August 06, 2012
Horse 1343 - I Dismiss "Failure"
"I think sometimes we just need a can of 'harden up' and be told the hard truth, which is you're not doing enough, your attitude sucks, you're not going in with the right mindset, you're spending too much time on Twitter and social media up late at night when you should be asleep,"
- Former Olympic swimmer Lisa Curry, on ABC Local Radio 04/08/12
Lisa Curry has supposedly said with these words what the nation was thinking, or rather what the nation has been told that that's what it should be thinking. Words like "humiliation" and "failure" have been flying around the press at the moment and that's normal in the realm of sport: that in the heat of the moment whilst you're still riding the wave of disappointment to bring out the knives and commit emotional seppuku. Yet the what's almost never pondered except in the sport of football, is the more obvious and logical suggestion that other teams are simply better.
The inverse of the maxim "where your treasure is, there your heart will be also" is also true - "For where your heart is, there your treasure will be also". I use the word "Treasure" in this sense in an almost entirely monetary fashion but again it also holds in an emotive sense too.
The blunt fact is that Australia's "Treasure", that is, where it mainly puts its money and emotional effort is into Australian Rules and Rugby League Football. These two sports command the lion's share of Australia's monetary "Treasure"; curiously coming third is V8 Supercar racing. There are no Olympic gold medals for these sports.
Part of the problem lies in the fact that essentially Australia is a one-trick pony. Apart from swimming and occasionally the odd medal that appears in something like shooting or cycling, even if people are Olympic athletes and have trained their whole lives, Australia doesn't really throw much treasure to Olympians in comparison. The AIS biggest financial concerns are in swimming by quite a long way, with a bit of token cash given to diving, track and field, rowing and cycling. It has recently dropped its payments for weightlifting, water polo (men), volleyball (women), wrestling, shooting, archery, boxing and golf. Closely related to this is an interesting phenomenon, which requires a bit of unpacking.
The most common ages for a breed of new Olympians to come onto the scene is bewtween 17-24. The thing is though that these people are not bred in isolation. You have to look into the conditions which inspired these people to decide to dedicate their lives to becoming an Olympic athlete in the first place.
The single biggest spike to inspire children to become an Olympic athlete is the announcement that the Olympic Games will be held in their country; this happens 7 years out from an Olympics. 10-17 year olds will in that magical 17-24 age group by the time that the games come. The host nation which obviously wants to put on a good show invariably spends a lot of money in that interim. Curiously, there is a spike in the number of medals won for a nation, not at their home Olympic Games but at the next one; this is true for every Olympics post-1948 with the exception of the LA Games of 1984 when the Soviet Union boycotted them.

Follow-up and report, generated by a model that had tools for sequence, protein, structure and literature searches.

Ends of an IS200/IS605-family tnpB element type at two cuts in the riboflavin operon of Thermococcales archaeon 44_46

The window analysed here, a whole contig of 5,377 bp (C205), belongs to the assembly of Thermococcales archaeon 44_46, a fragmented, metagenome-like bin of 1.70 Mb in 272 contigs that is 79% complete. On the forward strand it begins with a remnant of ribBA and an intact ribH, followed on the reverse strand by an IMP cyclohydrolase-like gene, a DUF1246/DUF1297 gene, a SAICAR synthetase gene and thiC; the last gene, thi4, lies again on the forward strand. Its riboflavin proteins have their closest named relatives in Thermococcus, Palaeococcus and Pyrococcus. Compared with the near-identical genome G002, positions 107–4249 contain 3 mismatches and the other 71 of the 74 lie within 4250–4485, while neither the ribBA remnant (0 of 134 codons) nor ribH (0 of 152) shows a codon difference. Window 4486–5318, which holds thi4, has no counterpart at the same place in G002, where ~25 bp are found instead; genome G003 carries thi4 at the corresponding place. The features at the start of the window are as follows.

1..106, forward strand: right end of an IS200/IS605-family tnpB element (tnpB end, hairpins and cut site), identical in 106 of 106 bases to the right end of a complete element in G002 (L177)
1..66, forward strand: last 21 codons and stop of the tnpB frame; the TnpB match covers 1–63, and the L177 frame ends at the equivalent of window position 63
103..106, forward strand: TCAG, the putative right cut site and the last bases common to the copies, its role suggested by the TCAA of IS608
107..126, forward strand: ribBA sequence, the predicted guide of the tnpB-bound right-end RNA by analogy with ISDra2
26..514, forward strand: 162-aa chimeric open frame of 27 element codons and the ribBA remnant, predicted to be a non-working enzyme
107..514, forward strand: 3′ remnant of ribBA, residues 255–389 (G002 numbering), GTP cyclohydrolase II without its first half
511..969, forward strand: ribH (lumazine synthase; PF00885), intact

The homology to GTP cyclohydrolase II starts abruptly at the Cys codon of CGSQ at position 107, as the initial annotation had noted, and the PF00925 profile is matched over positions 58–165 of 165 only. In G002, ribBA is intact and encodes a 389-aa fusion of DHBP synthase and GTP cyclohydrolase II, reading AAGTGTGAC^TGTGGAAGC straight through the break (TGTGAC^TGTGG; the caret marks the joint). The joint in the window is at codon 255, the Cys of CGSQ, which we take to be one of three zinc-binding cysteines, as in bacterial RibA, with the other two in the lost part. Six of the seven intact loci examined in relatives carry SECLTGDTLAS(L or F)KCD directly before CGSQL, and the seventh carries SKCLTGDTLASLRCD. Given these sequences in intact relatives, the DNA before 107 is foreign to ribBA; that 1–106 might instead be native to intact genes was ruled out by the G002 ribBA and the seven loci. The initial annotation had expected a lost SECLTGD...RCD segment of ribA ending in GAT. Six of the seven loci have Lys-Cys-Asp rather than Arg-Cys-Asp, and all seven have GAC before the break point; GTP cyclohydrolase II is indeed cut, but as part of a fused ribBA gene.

The nation most likely to do comparatively well at the 2012 games should be the nation who hosted the 2008 games; since Beijing hosted the 2008 games then we should expect to see China do rather well in London (lo and behold, they are). The thing is that there is only one Olympic gold medal for any given event; so where China has taken medals, nations like Australia will invariably miss out. That's pretty well what we've seen at the London games thus far; doubly so because Britain as the host nation is also "pinching" medals from Australia too.
So where the media likes to write this off as a "national humiliation" (Sydney Morning Herald), or an "epic failure" (Daily Telegraph) or even a "disappointment" (The Age), I think to do so is to ignore fact. A "national humiliation" in my eyes would be if someone was found to be cheating through drug use or otherwise, an "epic failure" would be if someone had given up and a "disappointment" would be if someone had deliberately gone out to lose.
If you really want to look at sporting failure, then the England football team which has failed to win any tournament in 46 years or Liverpool who hasn't won the League in 22 years are stand out examples. In the case of Australian sport, the 1976 Montréal yielded no golds, one silver and four bronzes. That's probably as close to a case of sporting "failure" as you're going to get and it prompted the creation of the AIS in the first place in 1980.
Of course our Olympic athletes are disappointed; they would be if they'd spent most of their lives training and working away not to be rewarded. They already feel the pain of loss; they do not need the media jumping all over them just to sell copy.
Posted by Rollo at 11:29